I. People who graduated college with a baccalaureate before 1980 probably know Ibsen as the author of domestic dramas about women’s rights, moral hypocrisy, sham-marriage, journalistic crusading, suicide, and venereal disease. This picture of Ibsen rests on a topically biased reading of his work that skips over the large-scale historical and mythopoeic dramas of the first half of his authorship and concentrates tendentiously on superficial aspects of A Dollhouse (1879), Ghosts (1881), An Enemy of the People (1882), The Wild Duck (1884), and Hedda Gabler (1890). The graduate-school-trained critic who can only see the text through the lens of “race class and gender” will, of course, find the signs of “patriarchy” and “oppression” in The Wild Duck even though these issues stand elsewhere than at the center of the drama. Ibsen’s actual central character is neither Hjalmar Ekdal, nor his wife Gina, nor their daughter Hedvig, but rather Gregers Werle, a self-styled radical who espouses a doctrine that is the vulgate of Nietzsche without ever mentioning that name. Werle fancies himself a superman, beyond good and evil, who has glimpsed a new order of being that he seeks to realize through the manipulation of others to abash standing morality by irrational – and entirely sacrificial – acts. By the time the play reaches its climax in the suicide of Hedvig, pushed to it by Gregers, the audience has learned that Gregers’ father Håkon, the necessary scapegoat in any “race class and gender” reading, has acted more decently than any other character. He has actually used his wealth, which Gregers declares to be evil, to make provisions anonymously for other people.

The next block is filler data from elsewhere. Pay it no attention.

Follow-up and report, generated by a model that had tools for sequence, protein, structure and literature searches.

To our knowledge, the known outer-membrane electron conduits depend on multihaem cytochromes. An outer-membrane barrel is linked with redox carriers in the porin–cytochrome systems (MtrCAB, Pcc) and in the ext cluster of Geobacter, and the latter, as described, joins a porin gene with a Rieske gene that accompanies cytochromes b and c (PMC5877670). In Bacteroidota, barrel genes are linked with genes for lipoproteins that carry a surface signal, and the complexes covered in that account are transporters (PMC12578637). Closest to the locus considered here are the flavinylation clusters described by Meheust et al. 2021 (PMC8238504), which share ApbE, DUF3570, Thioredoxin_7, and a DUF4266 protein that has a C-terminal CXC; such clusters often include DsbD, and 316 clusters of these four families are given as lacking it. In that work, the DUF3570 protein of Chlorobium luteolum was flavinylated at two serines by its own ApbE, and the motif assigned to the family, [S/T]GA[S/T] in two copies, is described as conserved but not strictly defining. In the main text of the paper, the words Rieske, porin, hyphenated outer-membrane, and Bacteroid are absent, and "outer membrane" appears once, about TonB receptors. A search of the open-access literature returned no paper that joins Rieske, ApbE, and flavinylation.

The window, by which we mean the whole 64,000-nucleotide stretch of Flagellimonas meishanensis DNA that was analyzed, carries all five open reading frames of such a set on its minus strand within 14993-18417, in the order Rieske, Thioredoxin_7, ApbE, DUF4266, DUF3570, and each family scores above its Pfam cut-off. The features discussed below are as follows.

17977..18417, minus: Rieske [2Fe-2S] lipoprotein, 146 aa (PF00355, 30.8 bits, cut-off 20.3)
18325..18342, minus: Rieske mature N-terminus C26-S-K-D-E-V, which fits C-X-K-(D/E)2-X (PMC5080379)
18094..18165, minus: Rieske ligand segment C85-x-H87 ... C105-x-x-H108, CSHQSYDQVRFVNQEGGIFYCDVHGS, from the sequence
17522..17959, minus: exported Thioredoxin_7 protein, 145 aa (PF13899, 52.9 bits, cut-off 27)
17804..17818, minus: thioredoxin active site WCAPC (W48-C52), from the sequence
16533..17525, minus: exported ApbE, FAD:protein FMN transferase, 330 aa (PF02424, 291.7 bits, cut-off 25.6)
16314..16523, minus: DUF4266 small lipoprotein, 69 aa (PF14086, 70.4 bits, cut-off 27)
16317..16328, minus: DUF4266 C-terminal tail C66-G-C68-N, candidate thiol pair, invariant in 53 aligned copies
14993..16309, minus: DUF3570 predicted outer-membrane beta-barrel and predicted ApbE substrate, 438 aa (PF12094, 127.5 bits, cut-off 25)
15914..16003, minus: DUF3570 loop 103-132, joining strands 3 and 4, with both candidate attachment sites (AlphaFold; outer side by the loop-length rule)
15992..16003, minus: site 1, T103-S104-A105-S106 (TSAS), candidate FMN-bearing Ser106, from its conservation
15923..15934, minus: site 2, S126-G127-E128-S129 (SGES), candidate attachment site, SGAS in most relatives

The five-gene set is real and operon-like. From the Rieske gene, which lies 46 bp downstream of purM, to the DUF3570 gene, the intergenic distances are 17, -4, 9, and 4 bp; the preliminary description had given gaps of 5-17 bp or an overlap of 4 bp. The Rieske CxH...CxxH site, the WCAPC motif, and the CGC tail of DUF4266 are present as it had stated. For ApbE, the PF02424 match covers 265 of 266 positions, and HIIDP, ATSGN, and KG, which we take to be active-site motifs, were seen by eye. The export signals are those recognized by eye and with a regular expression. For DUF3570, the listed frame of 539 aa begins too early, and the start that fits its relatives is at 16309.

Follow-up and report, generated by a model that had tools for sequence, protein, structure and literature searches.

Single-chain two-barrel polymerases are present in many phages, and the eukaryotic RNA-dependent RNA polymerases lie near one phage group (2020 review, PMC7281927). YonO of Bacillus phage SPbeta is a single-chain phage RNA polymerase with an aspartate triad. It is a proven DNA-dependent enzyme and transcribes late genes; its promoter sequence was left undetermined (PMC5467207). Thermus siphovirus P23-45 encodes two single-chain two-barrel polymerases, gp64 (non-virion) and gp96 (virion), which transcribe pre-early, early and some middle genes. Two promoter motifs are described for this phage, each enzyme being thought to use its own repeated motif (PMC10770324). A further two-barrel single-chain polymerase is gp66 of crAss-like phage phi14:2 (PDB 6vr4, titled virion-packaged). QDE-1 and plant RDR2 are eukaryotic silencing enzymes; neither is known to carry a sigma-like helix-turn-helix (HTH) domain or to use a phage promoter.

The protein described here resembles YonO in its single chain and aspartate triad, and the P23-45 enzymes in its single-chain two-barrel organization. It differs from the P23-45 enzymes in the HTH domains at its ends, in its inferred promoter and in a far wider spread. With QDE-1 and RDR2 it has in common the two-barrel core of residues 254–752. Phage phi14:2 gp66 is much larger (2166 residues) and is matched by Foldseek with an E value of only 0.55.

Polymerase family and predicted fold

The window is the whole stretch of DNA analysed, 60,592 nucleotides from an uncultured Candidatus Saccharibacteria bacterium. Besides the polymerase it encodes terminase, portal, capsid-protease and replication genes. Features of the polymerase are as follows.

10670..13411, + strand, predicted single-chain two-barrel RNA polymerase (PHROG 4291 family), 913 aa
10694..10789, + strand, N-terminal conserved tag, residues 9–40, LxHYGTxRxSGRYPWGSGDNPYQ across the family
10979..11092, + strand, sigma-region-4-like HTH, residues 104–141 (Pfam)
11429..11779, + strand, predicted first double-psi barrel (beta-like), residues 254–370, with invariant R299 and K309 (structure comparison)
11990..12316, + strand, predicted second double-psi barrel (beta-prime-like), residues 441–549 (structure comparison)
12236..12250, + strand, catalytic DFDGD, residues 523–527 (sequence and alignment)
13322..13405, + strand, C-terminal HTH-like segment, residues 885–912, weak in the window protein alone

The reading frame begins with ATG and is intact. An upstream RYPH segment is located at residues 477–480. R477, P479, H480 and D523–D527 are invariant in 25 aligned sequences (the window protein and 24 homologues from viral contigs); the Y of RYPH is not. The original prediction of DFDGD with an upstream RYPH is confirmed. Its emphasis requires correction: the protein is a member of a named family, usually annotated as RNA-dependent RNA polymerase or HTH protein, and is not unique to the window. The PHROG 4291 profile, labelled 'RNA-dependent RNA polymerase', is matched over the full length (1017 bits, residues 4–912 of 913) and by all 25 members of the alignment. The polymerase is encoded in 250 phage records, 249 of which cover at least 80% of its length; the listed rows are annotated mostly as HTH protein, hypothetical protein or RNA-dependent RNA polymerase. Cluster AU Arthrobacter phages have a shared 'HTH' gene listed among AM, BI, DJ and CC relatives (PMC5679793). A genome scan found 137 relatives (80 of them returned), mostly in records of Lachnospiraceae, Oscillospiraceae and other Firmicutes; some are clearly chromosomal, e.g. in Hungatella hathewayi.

Brand, Ibsen’s last verse-drama and the play but one that preceded Emperor and Galilean, concerns another of its author’s would-be supermen, this time in the namesake person of Brand, a Gnostic, who like Ibsen in Johnson’s plausible portrait can find no sympathy for actual people. Brand’s Puritanism (he is a preacher in search of a congregation) entails the sacrifice of his infant son, anticipating the case of Hedvig in The Wild Duck. Brand ends with the protagonist’s useless death in an avalanche in the Norwegian Alps, whereupon an invisible voice intones the Latin words, “Ego Deo Caritatus.” An avalanche carries the spiritually dead to their physical deaths at the end of Ibsen’s last play, When We Dead Awaken (1899), the last whispered line of which is, “Pax Vobiscum.” Mention should be made of The Vikings at Helgeland (1857), which concerns the transition in Norway from heathendom to Christianity. Adding Emperor and Galilean to these other plays, it is justifiable to claim that Ibsen’s productivity begins in a decades-long meditation on the historical meaning of Christianity, the results of which make themselves apparent in the widely misinterpreted chamber dramas of his last creative phase. It appears that Ibsen began thinking about Julian as a dramatic subject as early as 1864 during the Roman sojourn that saw to completion Brand and Peer Gynt (1867). This coincidence in time of the two works implies that the Julian drama belongs to Ibsen’s thematics of fanaticism and religious derailment, as well as to his more general interest in Christianity.